Apple Music karaoke launches and the FBI hates new security features — December 2022 in review
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Apple spent December launching new Apple TV+ shows, improving apps, adding Matter to HomeKit, and failing to launch two promised releases.
By its own self-imposed two-year schedule, Apple should have launched an Apple Silicon version of the Mac Pro by June 2022. If you wanted to be generous, you could get away with saying 2022 is the second year, so slipping it out by December is okay.
Only, Apple did not slip out the New Mac Pro by the end of December, and it doesn't look like it's going to come out soon. Nor did Apple deliver on its express commitment to releasing a classical version of Apple Music.
Yet despite these two big misses, Apple's December 2022 did see a slew of releases and improvements. And Apple Music Sing, too.
Apple Music Sing
Definitely released to appease all of those karaoke-loving classical music fans, Apple brought out the ability for Apple Music subscribers to irritate everyone in a five-block radius by replacing artists' singing voices with their own.
And incidentally, no. You can't remove the artist's voice and, by just not making a sound yourself, get an instrumental track to use for your ringtone.
But Apple did take dozens of clips from forthcoming Apple TV+ shows and cut them together into the kind of sizzle reel video that regular TV networks show advertisers. Apple is a TV network now, there's no ignoring it.
Releases big and small
On the smaller scale of Apple releases this month, there was the addition of a chime to Find My on the Mac. From the latest macOS release, you can get Find My to make your AirTags play a sound.
No one has any clue why it wasn't always able to do this.
Whereas quite a lot of people have very good clues about why the release of Matter, well, matters. Previously, Homekit was its own little island, while Alexa and Google were more successful but equally problematic.
Now read on. With the release of Matter and all smart home firms you've ever heard of agreeing to support it, everything is going to work better. And there will ultimately be an end to this business of having to double-check that a device works with HomeKit or not.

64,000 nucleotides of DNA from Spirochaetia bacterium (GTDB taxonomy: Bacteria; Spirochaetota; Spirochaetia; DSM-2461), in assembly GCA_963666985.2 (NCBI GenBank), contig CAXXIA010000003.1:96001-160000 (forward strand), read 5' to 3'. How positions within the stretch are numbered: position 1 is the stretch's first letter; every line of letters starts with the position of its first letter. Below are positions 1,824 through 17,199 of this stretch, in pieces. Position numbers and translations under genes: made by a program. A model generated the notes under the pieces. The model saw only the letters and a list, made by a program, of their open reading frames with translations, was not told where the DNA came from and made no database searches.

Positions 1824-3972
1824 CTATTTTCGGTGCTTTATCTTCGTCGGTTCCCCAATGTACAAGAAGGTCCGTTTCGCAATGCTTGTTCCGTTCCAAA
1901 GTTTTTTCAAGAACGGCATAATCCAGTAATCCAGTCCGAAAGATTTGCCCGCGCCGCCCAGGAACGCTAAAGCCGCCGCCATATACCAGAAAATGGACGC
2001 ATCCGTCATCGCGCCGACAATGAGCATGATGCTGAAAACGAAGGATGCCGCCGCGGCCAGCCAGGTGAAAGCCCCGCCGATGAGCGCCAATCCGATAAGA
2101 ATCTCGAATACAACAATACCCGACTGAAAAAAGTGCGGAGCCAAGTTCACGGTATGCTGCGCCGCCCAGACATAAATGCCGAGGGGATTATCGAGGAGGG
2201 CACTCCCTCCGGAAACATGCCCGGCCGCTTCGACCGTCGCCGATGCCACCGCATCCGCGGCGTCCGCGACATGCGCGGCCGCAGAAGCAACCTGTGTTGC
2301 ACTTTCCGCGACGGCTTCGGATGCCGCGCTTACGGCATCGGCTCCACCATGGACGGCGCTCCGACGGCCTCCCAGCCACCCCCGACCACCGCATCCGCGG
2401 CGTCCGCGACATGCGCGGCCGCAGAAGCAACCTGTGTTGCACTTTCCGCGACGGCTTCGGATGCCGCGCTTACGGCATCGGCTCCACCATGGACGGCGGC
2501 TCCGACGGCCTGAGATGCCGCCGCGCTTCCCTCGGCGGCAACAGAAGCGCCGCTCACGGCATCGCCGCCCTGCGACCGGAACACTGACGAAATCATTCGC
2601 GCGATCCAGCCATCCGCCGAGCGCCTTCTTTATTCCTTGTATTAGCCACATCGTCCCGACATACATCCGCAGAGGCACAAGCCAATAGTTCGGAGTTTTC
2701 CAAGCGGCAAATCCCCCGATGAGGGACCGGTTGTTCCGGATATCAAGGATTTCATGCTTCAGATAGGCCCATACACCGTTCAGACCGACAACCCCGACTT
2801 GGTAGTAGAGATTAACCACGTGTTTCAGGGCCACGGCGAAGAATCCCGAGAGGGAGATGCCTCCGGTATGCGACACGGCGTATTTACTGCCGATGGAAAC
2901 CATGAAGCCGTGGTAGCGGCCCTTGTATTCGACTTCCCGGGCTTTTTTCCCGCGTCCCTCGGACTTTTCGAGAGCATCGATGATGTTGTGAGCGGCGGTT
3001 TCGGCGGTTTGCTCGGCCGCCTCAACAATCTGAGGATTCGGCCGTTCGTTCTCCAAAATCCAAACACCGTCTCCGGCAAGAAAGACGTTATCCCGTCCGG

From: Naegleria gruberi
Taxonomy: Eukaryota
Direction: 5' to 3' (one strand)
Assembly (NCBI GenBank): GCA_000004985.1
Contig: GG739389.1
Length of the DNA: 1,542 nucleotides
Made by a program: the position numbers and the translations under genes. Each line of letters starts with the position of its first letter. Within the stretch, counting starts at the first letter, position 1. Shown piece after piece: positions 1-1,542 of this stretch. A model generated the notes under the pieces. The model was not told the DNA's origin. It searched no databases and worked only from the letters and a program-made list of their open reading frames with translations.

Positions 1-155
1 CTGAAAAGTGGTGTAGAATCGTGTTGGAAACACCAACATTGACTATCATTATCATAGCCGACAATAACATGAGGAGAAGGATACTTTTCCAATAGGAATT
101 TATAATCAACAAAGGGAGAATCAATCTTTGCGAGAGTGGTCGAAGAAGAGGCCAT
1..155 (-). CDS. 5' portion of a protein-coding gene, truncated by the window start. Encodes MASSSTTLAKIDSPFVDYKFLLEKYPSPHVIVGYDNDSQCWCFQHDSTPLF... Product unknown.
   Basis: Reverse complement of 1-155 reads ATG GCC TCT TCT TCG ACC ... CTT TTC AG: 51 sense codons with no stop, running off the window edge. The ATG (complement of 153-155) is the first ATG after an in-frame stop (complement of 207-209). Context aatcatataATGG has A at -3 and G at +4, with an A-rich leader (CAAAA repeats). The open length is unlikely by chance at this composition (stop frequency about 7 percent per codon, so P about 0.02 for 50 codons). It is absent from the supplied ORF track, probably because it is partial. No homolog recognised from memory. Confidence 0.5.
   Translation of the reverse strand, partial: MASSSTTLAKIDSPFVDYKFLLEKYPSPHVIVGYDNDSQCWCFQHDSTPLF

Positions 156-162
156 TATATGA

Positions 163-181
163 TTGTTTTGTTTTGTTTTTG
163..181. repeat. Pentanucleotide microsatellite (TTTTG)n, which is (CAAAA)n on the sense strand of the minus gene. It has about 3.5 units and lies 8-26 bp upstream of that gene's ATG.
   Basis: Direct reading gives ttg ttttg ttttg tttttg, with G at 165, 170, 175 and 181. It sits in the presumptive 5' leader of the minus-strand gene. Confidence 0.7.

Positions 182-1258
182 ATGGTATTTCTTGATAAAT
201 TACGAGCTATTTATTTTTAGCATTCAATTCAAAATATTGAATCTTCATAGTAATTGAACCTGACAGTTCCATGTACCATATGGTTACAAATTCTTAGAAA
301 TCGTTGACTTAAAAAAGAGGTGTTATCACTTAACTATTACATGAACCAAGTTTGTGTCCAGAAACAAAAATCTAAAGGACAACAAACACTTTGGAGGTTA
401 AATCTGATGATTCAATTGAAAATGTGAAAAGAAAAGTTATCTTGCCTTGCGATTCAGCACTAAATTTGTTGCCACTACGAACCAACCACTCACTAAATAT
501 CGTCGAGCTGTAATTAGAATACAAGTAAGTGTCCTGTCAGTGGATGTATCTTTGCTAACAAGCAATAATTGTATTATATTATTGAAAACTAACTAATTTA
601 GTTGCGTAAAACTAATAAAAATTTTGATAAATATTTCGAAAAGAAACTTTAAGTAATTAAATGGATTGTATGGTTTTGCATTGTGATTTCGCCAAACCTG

In practice, so far that's not been working out so well. But it is early days.
So we'll have to wait a while until the transition to Matter makes HomeKit better, and as it happens, we'll also have to wait until well into 2023 to see the benefit of something else huge.
Advanced Data Protection has already started to bring more security to the iPhone, and you know it must be good because the FBI is steaming about it.
Apple's Advanced Data Protection increases what data of ours gets stored in an encrypted form. It's one of Apple's several new security enhancements that will be rolling out in the next months.
Not everyone is happy with Apple security
A consequence of the way that the new security encryption works is that Apple has formally abandoned its previously controversial plan to scan users' images for CSAM. Child Sexual Abuse Material is already scanned for by other firms, but Apple got into hot water for proposing it — and now also for abandoning it.
Australian e-Safety Commissioner Julie Inman Grant says that both Apple's and Google's child abuse prevention methods are "alarming".
They're also curious, though. It's easy to see why the new security enhancements make the CSAM scanning at least difficult, but it's much harder to see why Apple didn't know its own security update was coming.
Another month, another union problem
It's true that Apple ended the year having about as much of a problem with its retail staff as it has throughout 2022. Workers in Australia went on strike for Christmas Eve, for instance.
Retail staff aren't the only ones unhappy with Apple, though. There's also the peculiar case of former Apple engineer Paris Campbell alleging that she has been wrongfully terminated.
Campbell posted a video on TikTok to help people learn about activation lock on iPhones, and how scammers try to get you to remove it. She later said that Apple had subsequently ordered her to remove the video and threatened disciplinary action "up to and including termination."
In December 2022, though, her claim of wrongful termination was not to do with that video or that threat. Instead, she says the termination was over medical leave to do with COVID.
It's complicated. But at least Campbell definitely has the right to talk about it, because Apple commissioned a study that said it is very good at not stifling employee speech.
It would say that, though.
More unexpectedly, news continued to leak out about conditions at Foxconn's (alleged) hellhole of a manufacturing facility in Zhengzhou. Reportedly, sick workers are being forced to continue working on the iPhone production line.
Apple and Ericcson play nice
If the staff or union issues show absolutely zero sign of ever being sorted out, at least December showed us that Apple can make a deal. Specifically, Apple and Ericcson can make one, and it only took months of international lawsuits and counterlawsuits.
What happened is that Apple licensed some patents from Ericsson for a specific number of years, and then the licence ran out. Rather than just extending it, both sides armed their lawyers with every defence you can think of that proved other party was wrong about everything.
Then after a while, they settled everything and now Apple has a new licence.
No, sorry, hang on. That's what happened in 2015.
And the same thing happened again in 2022, definitely culminating in a new deal between the companies, and probably culminating in a really big party for the lawyers.